Final version of First person feature

Experience: I went to multiple Paralympic Games but retired just before 2016. James Roberts, aged 3o speaks out about his sporting career and disability.

“It blew my mind to see how many people turned out to support all of us Paralympic athletes – it meant the world.” I never truly thought I would ever have been an elite Paralympian. Growing up it never crossed my mind. However, my life, lead me to be the man I am today – This is my story.

My name is James Roberts. I was born with a congenital disability called femoral dysplasia and a floating hip of the left leg as well as scoliosis of the spine. Dysplasia is caused when the joint has not formed properly, it can cause pain but in many cases, it is painless, like mine. The condition tends to cause people to walk with a limp because of either weak muscles, limited flexibility of the hip joint, or bone deformity.

I never really saw myself as having a disability despite the challenges I faced. I would try a hand at everything I could such as swimming, rowing and volleyball. The reasons in which enabled me to give everything a try is the fact that I adapted to using a prosthetic leg. However, because of my supportive family and friends it wasn’t that difficult for me growing up. I was pushed to do as much as I could for myself. I learned how to deal with daily life challenges. For instance, I loved doing the normal kid activities like playing in the park, but I adapted my own techniques of using the monkey bars – it might have taken me a day or two, but I got there in the end. I never let my disability stop me.

Originally from Belgium, I moved across to the UK when I was just 19 years old because I had been selected as a part of the British Swimming Disabled Potential Squad. Also, Swansea had an amazing performance Centre, so my family decided it was best to reside in Prestatyn, North Wales.

My inspiration came from having a fairly sporty family background. My family has competed at county level in numerous sports over the years. I grew up on an international military base called NATO in SHAPE, back in Belgium, I was brought up around multiple nationalities and their passions for their respective sports. I think rubbed off on me. Being also half American, sport is hugely popular over there so I guess it runs in the veins.

Taking part in swimming was great as it allowed me to achieve goals and have a competitive edge, I held both the SB8 200m breaststroke and 50m breaststroke national records. These were a great motivation and helped me set the bar for my go-getting personality.

I was dropped from the GB swimming programme because I wasn’t improving to the standard I should have been. I went on to do a university course. In 2006, I moved on to rowing. The transition happened fairly quickly as I made my first senior international competition that summer at the 2006 World Championships in Dorney Lake. I came 6th overall but that was a good finish for me and I am proud. I carried on competing in the sport and I made the final at my very first Paralympic Games in Beijing, it was a dream come true. I didn’t win, I came 5th but that didn’t matter – I was so humbled just to get there. This was a highlight of my sporting success as it was the height of my career.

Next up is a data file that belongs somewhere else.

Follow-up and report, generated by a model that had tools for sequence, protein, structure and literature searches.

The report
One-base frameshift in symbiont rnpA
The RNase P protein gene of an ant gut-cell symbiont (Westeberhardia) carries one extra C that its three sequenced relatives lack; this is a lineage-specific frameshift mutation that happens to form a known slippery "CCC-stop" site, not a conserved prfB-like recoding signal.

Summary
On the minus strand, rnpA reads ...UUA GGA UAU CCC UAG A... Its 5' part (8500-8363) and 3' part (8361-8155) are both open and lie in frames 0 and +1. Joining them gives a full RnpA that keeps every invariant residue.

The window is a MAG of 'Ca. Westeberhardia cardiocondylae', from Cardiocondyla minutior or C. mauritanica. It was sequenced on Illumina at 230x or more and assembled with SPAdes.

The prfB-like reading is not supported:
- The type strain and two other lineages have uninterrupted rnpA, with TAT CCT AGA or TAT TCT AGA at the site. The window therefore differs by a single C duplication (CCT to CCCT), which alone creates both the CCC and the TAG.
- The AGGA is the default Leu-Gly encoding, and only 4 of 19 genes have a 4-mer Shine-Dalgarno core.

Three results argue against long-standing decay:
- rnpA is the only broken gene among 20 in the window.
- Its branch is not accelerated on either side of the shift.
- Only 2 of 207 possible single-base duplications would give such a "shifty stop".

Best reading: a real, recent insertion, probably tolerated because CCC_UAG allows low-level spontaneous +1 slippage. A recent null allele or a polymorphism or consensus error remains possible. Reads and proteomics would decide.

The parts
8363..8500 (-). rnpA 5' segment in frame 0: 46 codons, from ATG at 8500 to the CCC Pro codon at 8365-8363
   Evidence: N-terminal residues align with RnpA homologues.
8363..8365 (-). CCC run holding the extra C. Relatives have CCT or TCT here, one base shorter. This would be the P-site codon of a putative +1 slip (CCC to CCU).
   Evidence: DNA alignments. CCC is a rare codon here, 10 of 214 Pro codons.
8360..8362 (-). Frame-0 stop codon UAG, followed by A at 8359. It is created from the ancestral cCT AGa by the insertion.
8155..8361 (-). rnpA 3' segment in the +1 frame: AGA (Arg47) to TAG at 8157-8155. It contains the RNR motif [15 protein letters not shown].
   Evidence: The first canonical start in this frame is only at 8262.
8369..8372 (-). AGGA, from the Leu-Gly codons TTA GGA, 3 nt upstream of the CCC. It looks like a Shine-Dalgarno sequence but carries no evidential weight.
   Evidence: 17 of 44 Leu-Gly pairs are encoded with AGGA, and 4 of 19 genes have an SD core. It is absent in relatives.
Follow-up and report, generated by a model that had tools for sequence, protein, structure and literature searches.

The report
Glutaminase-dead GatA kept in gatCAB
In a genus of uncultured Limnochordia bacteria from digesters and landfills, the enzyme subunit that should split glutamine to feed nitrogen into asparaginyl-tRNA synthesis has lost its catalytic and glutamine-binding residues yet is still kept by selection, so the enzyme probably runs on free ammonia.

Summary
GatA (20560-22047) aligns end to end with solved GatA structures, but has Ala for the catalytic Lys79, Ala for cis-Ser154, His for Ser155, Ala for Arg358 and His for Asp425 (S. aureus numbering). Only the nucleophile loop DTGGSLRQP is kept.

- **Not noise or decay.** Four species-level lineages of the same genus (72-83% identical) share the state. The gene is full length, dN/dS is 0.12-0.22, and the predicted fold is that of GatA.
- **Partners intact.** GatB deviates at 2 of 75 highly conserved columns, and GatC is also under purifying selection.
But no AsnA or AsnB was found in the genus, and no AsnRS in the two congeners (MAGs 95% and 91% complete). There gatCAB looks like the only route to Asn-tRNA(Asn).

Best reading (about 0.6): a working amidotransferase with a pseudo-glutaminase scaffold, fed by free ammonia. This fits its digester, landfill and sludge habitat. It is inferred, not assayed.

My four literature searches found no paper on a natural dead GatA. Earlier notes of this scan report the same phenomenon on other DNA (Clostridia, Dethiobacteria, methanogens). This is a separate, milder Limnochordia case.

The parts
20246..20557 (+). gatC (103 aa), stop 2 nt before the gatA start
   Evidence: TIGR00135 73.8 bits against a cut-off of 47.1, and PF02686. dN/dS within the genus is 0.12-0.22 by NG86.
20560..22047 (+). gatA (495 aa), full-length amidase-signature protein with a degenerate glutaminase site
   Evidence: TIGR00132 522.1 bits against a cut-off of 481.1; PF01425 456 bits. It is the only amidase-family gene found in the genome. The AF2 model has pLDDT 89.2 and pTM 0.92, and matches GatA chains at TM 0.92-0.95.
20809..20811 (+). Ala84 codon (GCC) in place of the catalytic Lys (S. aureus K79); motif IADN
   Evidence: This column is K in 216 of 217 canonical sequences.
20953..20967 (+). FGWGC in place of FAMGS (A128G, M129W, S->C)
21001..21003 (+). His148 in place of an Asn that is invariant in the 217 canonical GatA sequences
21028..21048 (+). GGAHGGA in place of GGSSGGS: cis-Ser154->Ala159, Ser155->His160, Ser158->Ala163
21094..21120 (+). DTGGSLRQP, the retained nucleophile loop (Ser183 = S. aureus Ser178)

I made another transition of sports, on this occasion because of a classification change, this time to sitting volleyball. From 2010 until 2012, I amassed 56 caps for Great Britain. My first international was a surprise selection to compete at the 2010 World Championships in Edmund, Oklahoma, USA. I was lucky enough that my time with the squad, to have competed for Great Britain at my only European Championships in my repertoire as well as a Continental and Intercontinental Cup.

My career concluded at the London 2012 Paralympics were the GB sitting volleyball squad lost in the quarterfinal to eventual silver medallist Iran. It was an honour to represent team GB. Even though I retired after 2012, I feel like it was the right time for me to do so as injuries were starting to catch up with me. Also, I mentally didn’t want to put my body through the rigours of training day in day out. This is the time when athletes should stop as they either lose the love for the sport or mentally they don’t want to put the necessary effort in that is required to compete at that level. I do believe I was still fit enough to compete and probably would have done well at 2016 Tokyo Games but I knew I could use my knowledge and experiences to help others, instead.

Life after retiring as an elite athlete hasn’t stopped my love for sport. I still participate in a local league in basketball and wheelchair rugby. I now coach people in fitness and nutrition which I enjoy it incredibly. I have my own podcast where I speak to some fantastic professionals within the industry. For instance, I did a podcast on the 29 September 2016 with a posture corrective exercise specialist Jeremy McCann. My career hasn’t stopped. It’s just beginning. Training and helping others is so important to me. Everyone has a different background and needs some guidance. I want to inspire others to show if you want something and train hard enough you can achieve. That is cliché but it’s so true. The advice I would give to others is just try everything.

(Word count 880) That is without the title and standfirst

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